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  14. #4664
    Is swimming with creativity frogs AlishaS's Avatar
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    I'm going with Along for the Ride by Sarah Dessen.
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  15. #4665
    I Pride with my Grandson! KTC's Avatar
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    Alexandria of Africa by Eric Walters.
    "Iím putting this book right up there alongside Laurie Halse Andersonís, TWISTED, and John Greenís, LOOKING FOR ALASKA. Not to be missed. Highly recommended!" ~ From a review of BURN BABY BURN BABY.


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  16. #4666
    New Fish; Learning About Thick Skin
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    Quote Originally Posted by Alice Grace View Post
    I've come to realize that I'm very much behind, because I discovered The Hunger Games in May. I've since read both THG and Catching Fire and just threw myself on Mockingjay. IMO, one of the best YA novels that is out there at the moment .

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  17. #4667
    phoenix blazing Parametric's Avatar
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    Quote Originally Posted by AlishaS View Post
    However, like four pages into Bite Club I literally puked in my mouth. I know exactly how this is going to play out, and I am setting it down for now and will come back to it later. I think it's an overdone plot.
    The plot made you literally throw up? Wow.*

    * this post brought to you by the Campaign to Stop Using the Word "Literally" to Mean "Not Literally"

  18. #4668
    Attends The School of AW Alitriona's Avatar
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    I just finished A Need so Beautiful by Suzanne Collins. I loved it. It took me a few pages to get used to first person present tense. I did guess one part of the surprise ending but it in no way distracted from my enjoyment of the book. I'm looking forward to the sequel, A Want so Wicked, next year.

    I'm also finishing up Passion by Lauren Kate. I thought this was a trilogy and Passion was the last book. It's not. It sort of reminded me of the old TV show, The Time Tunnel. I am so far enjoying the book but disappointed with the lack of resolution to the entire story at this point. I'm two chapters from the end.

  19. #4669
    Listening to Bastille on repeat LadyA's Avatar
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    PENNINGTON'S HEIR by K.M.Peyton - Written in 1973 and I'm loving the period details like the mother of the 17yrold FMC assuming her boyf of 3 months will marry her. And the funniest bit was when they 'went all the way', but the description was just a page of philosophical ramblings about her feelings - it was hard to tell whether they actually did anything (although he got her pregnant so they must've done ). When I compare this prudery to modern YA it makes me laugh...but the book is still brilliant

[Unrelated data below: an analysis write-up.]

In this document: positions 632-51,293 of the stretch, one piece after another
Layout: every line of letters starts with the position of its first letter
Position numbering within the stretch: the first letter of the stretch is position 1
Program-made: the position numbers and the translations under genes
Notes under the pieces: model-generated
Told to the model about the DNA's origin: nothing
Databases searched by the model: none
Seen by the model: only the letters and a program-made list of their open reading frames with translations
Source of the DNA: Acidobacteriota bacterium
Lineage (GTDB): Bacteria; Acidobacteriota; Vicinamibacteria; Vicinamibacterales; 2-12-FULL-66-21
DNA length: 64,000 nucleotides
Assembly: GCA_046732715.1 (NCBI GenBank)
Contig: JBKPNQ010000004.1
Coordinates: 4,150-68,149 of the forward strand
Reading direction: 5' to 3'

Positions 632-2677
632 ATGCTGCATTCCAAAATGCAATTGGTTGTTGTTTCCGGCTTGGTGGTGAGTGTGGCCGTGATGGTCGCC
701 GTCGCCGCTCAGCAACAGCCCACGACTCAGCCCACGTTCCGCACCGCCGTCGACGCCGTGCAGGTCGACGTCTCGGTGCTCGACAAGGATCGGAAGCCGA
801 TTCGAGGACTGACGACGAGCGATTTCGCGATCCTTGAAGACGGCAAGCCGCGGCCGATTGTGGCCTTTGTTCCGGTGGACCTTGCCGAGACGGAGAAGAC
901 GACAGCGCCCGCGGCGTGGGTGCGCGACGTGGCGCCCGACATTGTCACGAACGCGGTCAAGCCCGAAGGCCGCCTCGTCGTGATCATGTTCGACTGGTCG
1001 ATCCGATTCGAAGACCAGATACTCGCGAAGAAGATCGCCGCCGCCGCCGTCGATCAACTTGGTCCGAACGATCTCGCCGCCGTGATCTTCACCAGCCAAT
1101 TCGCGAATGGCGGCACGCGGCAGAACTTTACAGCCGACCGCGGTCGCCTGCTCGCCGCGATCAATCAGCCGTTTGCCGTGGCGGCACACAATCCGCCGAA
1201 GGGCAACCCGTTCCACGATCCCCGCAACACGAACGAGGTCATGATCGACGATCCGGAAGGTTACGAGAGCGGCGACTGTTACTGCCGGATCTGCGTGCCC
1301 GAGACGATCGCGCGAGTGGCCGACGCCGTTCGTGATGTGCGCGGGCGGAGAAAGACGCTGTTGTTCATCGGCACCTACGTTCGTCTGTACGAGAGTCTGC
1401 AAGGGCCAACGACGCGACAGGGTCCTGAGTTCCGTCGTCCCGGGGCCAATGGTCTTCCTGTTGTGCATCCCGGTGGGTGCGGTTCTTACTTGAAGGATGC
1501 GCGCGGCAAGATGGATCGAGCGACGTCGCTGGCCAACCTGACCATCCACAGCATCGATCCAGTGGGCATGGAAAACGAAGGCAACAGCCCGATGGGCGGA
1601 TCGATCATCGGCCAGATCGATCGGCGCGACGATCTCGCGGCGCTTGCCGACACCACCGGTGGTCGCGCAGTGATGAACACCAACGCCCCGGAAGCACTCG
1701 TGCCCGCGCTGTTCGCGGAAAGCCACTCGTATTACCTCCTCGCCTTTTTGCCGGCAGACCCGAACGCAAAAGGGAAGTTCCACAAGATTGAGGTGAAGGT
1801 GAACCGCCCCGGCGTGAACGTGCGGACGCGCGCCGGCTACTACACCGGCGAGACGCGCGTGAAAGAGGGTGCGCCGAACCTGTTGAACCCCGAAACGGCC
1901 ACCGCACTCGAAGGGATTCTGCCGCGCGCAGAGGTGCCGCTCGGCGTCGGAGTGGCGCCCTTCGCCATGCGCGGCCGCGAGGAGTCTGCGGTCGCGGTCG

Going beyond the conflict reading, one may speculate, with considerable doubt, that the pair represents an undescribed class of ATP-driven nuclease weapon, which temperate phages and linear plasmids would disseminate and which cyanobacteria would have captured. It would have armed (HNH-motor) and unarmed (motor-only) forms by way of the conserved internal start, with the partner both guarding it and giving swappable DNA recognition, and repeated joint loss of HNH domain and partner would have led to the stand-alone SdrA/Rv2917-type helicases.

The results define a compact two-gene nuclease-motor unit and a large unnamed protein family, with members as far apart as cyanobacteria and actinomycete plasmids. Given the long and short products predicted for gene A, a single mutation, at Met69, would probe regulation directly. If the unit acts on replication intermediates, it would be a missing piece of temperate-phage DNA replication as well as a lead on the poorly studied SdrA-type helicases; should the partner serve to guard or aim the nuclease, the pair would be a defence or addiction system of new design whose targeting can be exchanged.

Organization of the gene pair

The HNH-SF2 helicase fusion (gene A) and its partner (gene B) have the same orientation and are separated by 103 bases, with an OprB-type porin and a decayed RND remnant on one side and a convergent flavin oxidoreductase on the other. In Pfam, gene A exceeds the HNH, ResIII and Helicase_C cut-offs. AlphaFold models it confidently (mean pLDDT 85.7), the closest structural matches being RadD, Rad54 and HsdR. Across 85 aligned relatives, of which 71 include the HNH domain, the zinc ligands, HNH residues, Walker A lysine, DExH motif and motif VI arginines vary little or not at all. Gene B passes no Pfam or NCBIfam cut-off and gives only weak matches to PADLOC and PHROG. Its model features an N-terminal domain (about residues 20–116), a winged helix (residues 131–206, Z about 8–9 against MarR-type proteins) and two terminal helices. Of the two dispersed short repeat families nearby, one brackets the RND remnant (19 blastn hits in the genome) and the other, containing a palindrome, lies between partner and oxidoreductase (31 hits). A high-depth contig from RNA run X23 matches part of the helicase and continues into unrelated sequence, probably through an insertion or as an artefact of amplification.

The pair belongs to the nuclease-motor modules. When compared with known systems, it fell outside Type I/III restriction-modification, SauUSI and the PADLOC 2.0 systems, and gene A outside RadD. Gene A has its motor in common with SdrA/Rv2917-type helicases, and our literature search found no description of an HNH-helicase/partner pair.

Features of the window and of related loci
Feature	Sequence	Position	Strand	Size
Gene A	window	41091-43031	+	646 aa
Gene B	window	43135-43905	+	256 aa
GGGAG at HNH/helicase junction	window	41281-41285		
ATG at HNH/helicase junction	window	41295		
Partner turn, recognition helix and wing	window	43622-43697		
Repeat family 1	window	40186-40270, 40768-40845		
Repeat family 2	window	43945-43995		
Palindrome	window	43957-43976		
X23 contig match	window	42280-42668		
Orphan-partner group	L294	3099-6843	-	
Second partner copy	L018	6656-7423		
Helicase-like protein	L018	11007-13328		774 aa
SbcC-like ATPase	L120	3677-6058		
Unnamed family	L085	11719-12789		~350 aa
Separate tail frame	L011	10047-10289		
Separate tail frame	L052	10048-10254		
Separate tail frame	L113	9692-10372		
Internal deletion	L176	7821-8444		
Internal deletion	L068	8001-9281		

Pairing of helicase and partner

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  20. #4670
    Hero, villain, angel, demon AW Moderator Sage's Avatar
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    Reading THE OFF SEASON by Catherine Gilbert Murdock.

    And listening to PARANORMALCY again (it will probably only make me impatient for the sequel)
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  21. #4671
    My Worlds Are Building DonnaDuck's Avatar
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    Just started Rot & Ruin by Jonathan Maberry. A coming of age story told in a zombie apocalypse aftermath. It's interesting so far. I'm liking it.
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  22. #4672
    addicted to books adktd2bks's Avatar
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    Reading Five Flavors of Dumb by Antony John. I'm really enjoying it.

  23. #4673
    Wielder of the Literary Lead Pipe dystophil's Avatar
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    Quote Originally Posted by DonnaDuck View Post
    Just started Rot & Ruin by Jonathan Maberry. A coming of age story told in a zombie apocalypse aftermath. It's interesting so far. I'm liking it.
    That one and the first of his Joe Ledger zombie books are sitting on my bookshelf waiting to be read, too. I met the author at a conference in May and he was really cool, here's hoping the books are, too.

    Currently a bit stuck on what to read next. Guess I'll be browsing my Kindle and see what pops up

  24. #4674
    Freshly caught writing bug lives! Netz's Avatar
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    Recently finished Passion by Lauren Kate and have now started Jellicoe Road by Melina Marchetta.

    This thread (& others like it in our YA section of AW) is a great place to pick up recommendations. (If only there were more hours in the day to fit in the reading along with the writing!)
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  25. #4675
    Reads more than she writes. AW Moderator Smish's Avatar
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    Used bookstore was having a blowout sale - hardbacks for $1.00. So, I bought:

    WHITE CAT, by Holly Black
    THE MURDER OF BINDY MACKENZIE, by Jaclyn Moriarty
    THE UNWRITTEN RULE, by Elizabeth Scott
    THE SIX RULES OF MAYBE, by Deb Caletti
    HUSH, HUSH, by Becca Fitzpatrick (and no, I'm not really expecting to like this one... but it was only a dollar!)

    So, which one should I read first?